Oct. 28 (Bloomberg) -- Allstate Corp., the largest publicly traded U.S. home and auto insurer, dropped the most in 11 months in New York trading after third-quarter profit fell short of analysts’ estimates as premium revenue declined.
Operating profit, which excludes some investment results, was 83 cents a share, missing by 13 cents the average estimate of 19 analysts surveyed by Bloomberg. Property-liability premiums slumped to $6.5 billion from $6.54 billion in last year’s third quarter, the Northbrook, Illinois-based company said late yesterday, and profit margins declined.
“Allstate is clearly spending more on advertising, which shows in the form of a higher expense ratio, but unfortunately the company has little to show for its ad spending,” Bijan Moazami, an analyst at FBR Capital Markets, said in a note today. “The results are quite different from what one would have anticipated, given industry trends.”
Allstate, which gets the largest portion of revenue from auto insurance and sells most policies through agents, is competing for customers with Progressive Corp. and Warren Buffett’s Geico Corp., which increased Internet and phone sales. Higher rates at Allstate’s main auto business weren’t enough to cushion a decline in the number of policies in force. The company said that some of the lost business was part of a strategy to improve profitability in large states.
“Estimates are notoriously volatile,” Chief Executive Officer Thomas Wilson said in an interview. “We’re right in the middle of the range we gave people. From our standpoint, we’ve achieved the results we said we were going to.”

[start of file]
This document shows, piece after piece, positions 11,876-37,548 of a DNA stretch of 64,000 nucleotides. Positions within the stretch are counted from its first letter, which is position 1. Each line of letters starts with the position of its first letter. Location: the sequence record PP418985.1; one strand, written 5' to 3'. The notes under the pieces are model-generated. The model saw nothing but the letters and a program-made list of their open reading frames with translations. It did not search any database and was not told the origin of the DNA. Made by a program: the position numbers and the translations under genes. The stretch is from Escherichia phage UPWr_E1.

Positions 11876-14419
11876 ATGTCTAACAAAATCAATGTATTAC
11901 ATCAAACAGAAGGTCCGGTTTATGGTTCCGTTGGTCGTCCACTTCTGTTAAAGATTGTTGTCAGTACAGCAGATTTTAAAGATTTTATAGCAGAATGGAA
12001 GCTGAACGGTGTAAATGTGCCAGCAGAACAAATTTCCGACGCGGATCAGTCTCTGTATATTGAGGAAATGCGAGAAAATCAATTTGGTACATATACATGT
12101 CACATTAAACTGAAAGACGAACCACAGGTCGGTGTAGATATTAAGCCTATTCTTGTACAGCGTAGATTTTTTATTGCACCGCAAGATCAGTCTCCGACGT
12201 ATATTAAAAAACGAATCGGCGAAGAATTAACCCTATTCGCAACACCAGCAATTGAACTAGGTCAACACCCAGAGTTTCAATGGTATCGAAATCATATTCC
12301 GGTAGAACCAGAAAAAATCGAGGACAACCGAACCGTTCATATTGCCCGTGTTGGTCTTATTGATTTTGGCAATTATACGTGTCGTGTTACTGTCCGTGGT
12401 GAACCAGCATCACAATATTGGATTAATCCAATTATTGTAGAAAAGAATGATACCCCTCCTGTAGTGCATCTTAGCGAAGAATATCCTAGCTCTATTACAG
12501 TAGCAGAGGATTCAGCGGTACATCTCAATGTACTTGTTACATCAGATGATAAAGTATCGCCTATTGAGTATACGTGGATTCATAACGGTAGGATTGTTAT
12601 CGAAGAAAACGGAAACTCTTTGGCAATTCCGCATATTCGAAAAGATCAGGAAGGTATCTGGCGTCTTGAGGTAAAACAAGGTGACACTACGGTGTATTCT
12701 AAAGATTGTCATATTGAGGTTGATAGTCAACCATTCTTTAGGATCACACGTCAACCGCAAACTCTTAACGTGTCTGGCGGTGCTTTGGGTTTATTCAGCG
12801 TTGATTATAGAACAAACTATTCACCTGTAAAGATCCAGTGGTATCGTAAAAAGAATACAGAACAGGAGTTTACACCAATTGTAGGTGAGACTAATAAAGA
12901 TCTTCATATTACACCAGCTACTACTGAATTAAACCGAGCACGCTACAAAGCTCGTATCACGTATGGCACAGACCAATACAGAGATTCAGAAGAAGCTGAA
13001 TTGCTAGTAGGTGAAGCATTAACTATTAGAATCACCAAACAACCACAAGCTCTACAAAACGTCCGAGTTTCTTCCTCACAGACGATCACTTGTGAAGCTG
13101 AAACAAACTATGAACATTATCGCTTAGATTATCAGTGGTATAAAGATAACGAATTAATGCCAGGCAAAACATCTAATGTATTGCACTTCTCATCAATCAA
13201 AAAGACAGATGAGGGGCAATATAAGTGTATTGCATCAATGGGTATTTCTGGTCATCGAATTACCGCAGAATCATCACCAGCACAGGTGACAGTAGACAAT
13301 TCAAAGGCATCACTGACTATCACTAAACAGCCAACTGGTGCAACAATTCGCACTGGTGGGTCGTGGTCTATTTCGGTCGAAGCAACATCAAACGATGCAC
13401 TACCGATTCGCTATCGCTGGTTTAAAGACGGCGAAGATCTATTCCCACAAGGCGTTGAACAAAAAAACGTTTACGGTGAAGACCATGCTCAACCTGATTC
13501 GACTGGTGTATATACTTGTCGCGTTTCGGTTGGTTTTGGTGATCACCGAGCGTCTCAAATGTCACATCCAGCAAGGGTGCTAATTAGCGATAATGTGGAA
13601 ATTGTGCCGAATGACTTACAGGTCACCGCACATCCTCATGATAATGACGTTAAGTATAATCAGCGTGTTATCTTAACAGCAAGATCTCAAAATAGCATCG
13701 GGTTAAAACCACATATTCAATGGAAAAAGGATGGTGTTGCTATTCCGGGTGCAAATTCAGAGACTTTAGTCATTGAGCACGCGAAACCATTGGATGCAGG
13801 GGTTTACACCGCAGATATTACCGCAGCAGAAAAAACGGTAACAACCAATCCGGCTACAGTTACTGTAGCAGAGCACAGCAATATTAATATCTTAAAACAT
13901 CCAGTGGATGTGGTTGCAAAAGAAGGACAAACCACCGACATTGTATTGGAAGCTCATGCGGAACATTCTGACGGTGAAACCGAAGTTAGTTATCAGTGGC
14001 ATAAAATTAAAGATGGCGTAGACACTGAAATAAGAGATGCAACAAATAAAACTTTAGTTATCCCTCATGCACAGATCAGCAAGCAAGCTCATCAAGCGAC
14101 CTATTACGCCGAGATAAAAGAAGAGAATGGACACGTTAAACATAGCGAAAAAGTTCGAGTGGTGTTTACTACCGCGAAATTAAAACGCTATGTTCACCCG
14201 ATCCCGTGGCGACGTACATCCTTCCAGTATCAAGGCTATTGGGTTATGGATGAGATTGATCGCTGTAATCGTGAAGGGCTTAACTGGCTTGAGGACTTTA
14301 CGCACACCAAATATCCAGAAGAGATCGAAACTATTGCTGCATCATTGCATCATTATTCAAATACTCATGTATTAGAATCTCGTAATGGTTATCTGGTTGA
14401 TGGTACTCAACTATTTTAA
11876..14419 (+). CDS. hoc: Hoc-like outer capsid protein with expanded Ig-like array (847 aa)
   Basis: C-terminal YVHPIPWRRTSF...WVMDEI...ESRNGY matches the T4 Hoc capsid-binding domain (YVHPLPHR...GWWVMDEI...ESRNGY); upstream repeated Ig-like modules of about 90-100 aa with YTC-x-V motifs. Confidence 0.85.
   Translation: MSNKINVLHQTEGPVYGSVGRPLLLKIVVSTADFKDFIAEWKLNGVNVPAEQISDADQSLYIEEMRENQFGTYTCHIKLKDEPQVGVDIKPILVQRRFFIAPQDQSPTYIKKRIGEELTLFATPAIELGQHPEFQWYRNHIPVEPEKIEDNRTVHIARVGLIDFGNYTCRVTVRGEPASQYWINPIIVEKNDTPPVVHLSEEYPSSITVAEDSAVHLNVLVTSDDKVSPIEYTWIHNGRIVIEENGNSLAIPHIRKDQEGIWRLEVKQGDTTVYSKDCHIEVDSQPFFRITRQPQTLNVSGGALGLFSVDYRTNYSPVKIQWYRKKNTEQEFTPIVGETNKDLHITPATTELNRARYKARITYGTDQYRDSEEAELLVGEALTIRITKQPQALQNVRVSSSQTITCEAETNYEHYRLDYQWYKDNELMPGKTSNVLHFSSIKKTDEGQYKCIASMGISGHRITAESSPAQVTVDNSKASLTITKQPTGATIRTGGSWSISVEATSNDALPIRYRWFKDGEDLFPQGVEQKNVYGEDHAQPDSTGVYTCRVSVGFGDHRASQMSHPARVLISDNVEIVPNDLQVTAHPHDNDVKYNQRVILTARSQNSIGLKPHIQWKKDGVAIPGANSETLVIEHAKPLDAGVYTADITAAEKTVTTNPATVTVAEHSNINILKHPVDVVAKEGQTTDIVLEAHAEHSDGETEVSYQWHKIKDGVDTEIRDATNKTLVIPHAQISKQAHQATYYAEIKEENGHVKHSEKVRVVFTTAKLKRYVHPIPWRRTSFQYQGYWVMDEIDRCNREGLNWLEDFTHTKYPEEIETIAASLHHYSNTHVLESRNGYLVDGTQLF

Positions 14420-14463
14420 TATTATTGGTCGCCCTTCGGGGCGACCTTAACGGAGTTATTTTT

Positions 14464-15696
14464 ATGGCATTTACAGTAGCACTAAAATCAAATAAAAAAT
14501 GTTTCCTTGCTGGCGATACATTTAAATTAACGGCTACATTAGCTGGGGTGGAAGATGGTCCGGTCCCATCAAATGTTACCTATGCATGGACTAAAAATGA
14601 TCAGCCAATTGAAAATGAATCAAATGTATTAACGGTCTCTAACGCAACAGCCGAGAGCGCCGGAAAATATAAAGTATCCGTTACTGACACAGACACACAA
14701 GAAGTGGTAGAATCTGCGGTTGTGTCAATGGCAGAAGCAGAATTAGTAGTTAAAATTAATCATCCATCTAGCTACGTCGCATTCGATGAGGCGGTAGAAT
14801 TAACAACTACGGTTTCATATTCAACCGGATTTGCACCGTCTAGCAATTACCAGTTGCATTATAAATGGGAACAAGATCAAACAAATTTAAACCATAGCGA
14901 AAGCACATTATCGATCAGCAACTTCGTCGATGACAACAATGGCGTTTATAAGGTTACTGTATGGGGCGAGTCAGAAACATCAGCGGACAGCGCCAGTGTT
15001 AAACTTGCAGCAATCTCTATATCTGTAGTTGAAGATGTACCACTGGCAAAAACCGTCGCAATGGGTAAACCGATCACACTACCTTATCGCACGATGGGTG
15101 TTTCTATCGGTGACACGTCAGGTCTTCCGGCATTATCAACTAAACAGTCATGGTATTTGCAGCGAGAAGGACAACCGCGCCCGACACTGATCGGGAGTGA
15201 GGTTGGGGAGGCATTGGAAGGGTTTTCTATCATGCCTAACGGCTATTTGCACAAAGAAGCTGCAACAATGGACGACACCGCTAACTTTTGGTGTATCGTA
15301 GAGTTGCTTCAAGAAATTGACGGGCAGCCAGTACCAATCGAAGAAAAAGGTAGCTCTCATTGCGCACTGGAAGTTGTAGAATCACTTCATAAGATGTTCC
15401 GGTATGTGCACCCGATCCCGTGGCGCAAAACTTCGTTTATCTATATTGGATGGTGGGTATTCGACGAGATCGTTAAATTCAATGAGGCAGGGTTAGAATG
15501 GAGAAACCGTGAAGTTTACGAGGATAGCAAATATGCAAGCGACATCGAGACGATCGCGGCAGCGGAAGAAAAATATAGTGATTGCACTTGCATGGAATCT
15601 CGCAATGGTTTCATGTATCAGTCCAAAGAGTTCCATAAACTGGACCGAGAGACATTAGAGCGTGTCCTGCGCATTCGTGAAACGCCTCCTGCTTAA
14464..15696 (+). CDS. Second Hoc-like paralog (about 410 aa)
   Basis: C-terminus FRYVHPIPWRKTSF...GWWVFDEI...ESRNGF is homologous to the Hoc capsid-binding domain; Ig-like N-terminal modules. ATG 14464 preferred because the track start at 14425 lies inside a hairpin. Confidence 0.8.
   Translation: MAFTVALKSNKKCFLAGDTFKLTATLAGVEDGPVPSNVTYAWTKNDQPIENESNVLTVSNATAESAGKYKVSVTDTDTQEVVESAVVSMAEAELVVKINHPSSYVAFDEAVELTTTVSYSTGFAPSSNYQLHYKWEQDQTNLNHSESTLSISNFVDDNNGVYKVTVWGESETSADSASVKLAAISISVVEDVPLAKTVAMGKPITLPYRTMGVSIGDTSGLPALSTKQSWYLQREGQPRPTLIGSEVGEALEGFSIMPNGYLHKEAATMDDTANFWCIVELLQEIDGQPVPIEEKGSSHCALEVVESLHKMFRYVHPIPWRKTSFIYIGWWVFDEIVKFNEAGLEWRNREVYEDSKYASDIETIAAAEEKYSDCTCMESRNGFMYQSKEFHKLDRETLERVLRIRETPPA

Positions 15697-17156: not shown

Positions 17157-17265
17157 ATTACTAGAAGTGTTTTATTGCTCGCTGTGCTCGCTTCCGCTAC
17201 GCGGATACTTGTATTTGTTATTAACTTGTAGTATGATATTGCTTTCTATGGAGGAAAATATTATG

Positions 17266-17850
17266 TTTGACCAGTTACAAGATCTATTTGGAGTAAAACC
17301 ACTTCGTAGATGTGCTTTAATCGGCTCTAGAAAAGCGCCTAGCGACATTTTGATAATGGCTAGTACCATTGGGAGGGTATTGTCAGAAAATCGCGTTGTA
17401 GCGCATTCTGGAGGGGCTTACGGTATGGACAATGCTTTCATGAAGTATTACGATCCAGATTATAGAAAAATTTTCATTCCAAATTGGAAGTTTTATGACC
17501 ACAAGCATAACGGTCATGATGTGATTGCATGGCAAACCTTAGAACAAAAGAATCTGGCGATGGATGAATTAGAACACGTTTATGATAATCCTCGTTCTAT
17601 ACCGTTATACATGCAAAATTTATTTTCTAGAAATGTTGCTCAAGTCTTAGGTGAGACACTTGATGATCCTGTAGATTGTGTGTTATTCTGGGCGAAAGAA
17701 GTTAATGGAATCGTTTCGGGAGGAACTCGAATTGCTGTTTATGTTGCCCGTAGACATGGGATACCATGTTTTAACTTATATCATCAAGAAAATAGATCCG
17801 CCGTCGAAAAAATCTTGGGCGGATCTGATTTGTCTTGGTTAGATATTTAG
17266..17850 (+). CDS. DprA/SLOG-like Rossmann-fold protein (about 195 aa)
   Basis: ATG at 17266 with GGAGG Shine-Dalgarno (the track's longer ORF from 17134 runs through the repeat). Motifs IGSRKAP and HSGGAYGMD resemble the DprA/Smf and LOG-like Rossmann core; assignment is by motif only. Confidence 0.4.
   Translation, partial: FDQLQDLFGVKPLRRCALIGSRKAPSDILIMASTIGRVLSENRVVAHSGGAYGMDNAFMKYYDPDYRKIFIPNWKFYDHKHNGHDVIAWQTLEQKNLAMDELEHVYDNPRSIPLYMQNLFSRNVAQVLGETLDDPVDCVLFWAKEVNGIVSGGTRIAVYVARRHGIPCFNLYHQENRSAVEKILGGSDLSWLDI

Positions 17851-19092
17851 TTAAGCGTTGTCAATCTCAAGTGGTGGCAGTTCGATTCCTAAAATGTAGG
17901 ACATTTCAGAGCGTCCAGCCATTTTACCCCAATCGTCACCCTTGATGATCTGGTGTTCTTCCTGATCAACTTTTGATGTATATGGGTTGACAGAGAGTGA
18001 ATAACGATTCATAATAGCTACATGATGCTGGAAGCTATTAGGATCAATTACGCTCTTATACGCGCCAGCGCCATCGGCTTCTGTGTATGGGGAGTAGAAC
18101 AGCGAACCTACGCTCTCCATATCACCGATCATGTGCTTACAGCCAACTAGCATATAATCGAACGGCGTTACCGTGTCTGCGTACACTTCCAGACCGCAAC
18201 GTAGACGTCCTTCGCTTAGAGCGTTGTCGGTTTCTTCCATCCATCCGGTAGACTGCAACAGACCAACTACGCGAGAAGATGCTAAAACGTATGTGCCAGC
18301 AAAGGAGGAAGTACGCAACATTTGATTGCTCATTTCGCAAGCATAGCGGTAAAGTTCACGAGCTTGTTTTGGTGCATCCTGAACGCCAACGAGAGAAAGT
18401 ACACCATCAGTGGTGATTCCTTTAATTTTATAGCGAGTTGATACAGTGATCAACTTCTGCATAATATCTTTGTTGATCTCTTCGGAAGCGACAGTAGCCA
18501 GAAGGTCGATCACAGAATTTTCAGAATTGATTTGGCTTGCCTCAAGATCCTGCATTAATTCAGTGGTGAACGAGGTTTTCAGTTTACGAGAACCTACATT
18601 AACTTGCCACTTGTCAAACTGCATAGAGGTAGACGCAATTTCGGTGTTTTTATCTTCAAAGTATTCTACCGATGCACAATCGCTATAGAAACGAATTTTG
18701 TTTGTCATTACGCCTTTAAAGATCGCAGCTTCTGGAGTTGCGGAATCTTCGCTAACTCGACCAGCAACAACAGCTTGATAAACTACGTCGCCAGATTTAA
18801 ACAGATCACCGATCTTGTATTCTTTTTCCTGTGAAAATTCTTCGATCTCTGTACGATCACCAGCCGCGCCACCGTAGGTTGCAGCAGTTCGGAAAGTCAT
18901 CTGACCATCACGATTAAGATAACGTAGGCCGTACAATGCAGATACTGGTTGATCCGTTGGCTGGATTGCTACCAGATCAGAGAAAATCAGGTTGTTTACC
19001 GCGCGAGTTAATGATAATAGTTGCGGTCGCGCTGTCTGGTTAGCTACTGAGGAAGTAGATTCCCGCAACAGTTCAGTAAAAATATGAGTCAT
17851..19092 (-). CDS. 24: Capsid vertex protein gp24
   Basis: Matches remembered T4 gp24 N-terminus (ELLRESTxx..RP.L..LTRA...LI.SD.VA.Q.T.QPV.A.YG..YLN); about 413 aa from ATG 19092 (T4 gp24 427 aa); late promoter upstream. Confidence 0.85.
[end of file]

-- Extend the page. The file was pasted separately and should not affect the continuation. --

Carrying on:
Allstate slipped $2.11, or 6.5 percent, to $30.37, at 9:37 a.m. in New York Stock Exchange composite trading. The company has advanced about 1.7 percent this year, compared with the 19 percent gain of the 24-company KBW Insurance Index.
Investment Losses Narrow
Net income climbed to $367 million, or 68 cents a share, from $221 million, or 41 cents, as investment losses narrowed. Wilson reshaped Allstate’s $100 billion investment portfolio since 2008 when the company posted a $1.7 billion annual loss, cutting back on stocks, municipal debt and commercial mortgage-backed securities while acquiring corporate bonds.
Underwriting profit at property-casualty operations fell 23 percent to $266 million from $346 million a year earlier. Allstate made 4.1 cents for every premium dollar in its property and casualty coverage, compared with 5.3 cents a year earlier.
Premium revenue for Allstate’s standard auto policies fell to $4.13 billion from $4.17 billion in the same period last year, according to a supplemental filing on Allstate’s website. The number of policyholders decreased to 17.479 million from 17.529 million at the end of the second quarter.
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